The Washington Times reports on two new studies we are going to be hearing much more about in the coming days and weeks.
The first is by Prof. Mark Regnerus:
Two studies released Sunday may act like brakes on popular social-science assertions that gay parents are the same as — or maybe better than — married, mother-father parents.
“The empirical claim that no notable differences exist must go,” Mark Regnerus, a sociology professor at the University of Texas at Austin, said in his study in Social Science Research.
Using a new, “gold standard” data set of nearly 3,000 randomly selected American young adults, Mr. Regnerus looked at their lives on 40 measures of social, emotional and relationship outcomes.
He found that, when compared with adults raised in married, mother-father families, adults raised by lesbian mothers had negative outcomes in 24 of 40 categories, while adults raised by gay fathers had negative outcomes in 19 categories.
Findings such as these do not support claims that there are “no differences” between gay parenting and heterosexual, married parents, said Mr. Regnerus, who helped develop the New Family Structures Study at the university.
And a second study by Prof. Loren Marks:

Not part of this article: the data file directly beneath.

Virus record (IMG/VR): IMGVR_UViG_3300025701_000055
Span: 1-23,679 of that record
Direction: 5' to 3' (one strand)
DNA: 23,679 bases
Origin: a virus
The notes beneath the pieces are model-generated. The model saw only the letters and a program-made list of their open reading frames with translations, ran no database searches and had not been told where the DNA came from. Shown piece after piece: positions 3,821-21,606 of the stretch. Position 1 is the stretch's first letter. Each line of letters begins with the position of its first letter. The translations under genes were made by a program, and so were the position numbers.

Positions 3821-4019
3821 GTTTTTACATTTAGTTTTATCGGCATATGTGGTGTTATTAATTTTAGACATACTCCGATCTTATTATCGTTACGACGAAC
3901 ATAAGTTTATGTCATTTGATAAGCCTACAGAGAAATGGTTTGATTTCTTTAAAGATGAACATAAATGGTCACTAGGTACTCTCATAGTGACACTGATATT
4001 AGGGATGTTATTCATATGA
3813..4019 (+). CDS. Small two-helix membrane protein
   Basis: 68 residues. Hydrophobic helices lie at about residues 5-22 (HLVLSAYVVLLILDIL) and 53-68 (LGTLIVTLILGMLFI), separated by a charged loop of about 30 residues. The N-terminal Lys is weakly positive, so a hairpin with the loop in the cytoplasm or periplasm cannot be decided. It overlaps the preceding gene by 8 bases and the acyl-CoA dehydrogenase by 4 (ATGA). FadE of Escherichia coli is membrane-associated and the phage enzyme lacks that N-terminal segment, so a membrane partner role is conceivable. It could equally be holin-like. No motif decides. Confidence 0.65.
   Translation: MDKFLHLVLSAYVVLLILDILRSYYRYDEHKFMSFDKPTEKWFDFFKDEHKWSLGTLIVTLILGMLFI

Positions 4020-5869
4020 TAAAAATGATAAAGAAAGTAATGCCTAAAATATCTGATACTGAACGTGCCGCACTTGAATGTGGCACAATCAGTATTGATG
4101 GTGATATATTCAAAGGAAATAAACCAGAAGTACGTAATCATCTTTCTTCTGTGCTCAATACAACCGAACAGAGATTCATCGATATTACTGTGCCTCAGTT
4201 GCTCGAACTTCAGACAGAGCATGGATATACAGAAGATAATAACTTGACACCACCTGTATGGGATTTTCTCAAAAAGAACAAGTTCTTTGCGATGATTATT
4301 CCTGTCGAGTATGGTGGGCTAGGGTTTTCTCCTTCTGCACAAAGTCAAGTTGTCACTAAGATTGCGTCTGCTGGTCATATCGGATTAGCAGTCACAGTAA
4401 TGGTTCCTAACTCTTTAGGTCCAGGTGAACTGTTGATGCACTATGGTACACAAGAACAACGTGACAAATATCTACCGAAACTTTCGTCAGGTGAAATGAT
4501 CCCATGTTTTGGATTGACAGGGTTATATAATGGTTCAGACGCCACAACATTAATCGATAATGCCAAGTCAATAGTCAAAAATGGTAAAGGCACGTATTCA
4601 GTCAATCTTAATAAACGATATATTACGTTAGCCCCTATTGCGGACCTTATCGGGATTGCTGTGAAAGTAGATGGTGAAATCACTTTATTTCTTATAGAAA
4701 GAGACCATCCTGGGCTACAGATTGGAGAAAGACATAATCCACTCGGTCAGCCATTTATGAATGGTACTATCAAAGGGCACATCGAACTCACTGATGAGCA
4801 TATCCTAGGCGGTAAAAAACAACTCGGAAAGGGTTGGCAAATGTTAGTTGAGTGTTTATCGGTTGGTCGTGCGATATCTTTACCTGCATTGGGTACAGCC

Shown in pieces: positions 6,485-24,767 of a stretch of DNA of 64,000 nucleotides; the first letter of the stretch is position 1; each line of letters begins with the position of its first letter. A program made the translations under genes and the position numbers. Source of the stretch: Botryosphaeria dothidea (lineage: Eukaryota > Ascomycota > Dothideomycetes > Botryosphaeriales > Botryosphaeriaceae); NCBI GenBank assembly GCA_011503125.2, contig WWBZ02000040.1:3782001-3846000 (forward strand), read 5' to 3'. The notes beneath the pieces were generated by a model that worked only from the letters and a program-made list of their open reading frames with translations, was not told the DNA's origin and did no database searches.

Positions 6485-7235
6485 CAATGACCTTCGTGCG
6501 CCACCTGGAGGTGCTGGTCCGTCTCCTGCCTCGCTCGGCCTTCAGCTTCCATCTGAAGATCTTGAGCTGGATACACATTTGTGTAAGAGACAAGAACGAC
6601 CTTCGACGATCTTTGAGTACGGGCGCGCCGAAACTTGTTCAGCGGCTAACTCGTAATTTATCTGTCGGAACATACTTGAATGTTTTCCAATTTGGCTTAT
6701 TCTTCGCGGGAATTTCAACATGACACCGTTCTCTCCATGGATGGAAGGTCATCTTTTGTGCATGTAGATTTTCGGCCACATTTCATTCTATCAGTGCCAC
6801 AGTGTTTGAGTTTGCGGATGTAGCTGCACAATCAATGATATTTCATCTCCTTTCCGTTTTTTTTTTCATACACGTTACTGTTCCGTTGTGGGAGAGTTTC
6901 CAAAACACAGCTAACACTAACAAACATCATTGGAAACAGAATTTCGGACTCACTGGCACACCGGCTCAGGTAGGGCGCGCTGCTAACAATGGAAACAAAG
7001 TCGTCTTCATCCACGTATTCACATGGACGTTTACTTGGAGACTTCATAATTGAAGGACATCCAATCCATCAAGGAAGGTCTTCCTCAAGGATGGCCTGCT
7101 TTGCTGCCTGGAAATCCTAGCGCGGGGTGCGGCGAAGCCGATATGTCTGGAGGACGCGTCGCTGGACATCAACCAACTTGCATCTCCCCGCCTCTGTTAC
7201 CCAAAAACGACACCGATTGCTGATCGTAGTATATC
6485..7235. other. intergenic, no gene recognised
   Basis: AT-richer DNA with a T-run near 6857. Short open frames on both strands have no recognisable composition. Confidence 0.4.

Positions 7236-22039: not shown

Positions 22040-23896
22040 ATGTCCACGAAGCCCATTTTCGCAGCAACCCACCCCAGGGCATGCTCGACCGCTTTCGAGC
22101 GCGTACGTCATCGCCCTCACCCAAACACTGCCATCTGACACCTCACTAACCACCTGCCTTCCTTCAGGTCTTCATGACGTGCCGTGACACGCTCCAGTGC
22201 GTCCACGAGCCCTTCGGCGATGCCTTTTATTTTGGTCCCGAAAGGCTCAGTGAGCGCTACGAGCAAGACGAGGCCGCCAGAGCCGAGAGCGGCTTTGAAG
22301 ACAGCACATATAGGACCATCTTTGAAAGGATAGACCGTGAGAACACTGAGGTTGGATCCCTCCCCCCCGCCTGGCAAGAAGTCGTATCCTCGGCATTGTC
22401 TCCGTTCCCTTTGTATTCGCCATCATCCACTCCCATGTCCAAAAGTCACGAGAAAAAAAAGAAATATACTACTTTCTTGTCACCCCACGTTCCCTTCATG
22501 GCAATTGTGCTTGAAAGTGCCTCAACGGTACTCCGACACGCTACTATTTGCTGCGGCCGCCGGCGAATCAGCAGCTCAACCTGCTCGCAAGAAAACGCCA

The second study, also in Social Science Research, takes a critical look at the basis of an oft-cited American Psychological Association (APA) report on gay parenting.
The APA brief says, “Not a single study has found children of lesbian or gay parents to be disadvantaged in any significant respect relative to children of heterosexual parents,” said Loren Marks, associate professor at the School of Human Ecology at Louisiana State University.
However, after looking at the 59 studies that undergird this assertion, “the jury is still out,” Mr. Marks said. “The lack of high-quality data leaves the most significant questions [about gay parenting] unaddressed and unanswered.”
Problems with the APA-cited studies were their tiny size; dependence on wealthy, white, well-educated lesbian mothers; and a failure to examine common outcomes for children, such as their education, employment and risks for poverty, criminality, early childbearing, substance abuse and suicide. Instead, the APA studies often looked at children’s gender-role behaviors, emotional functioning and sexual identity.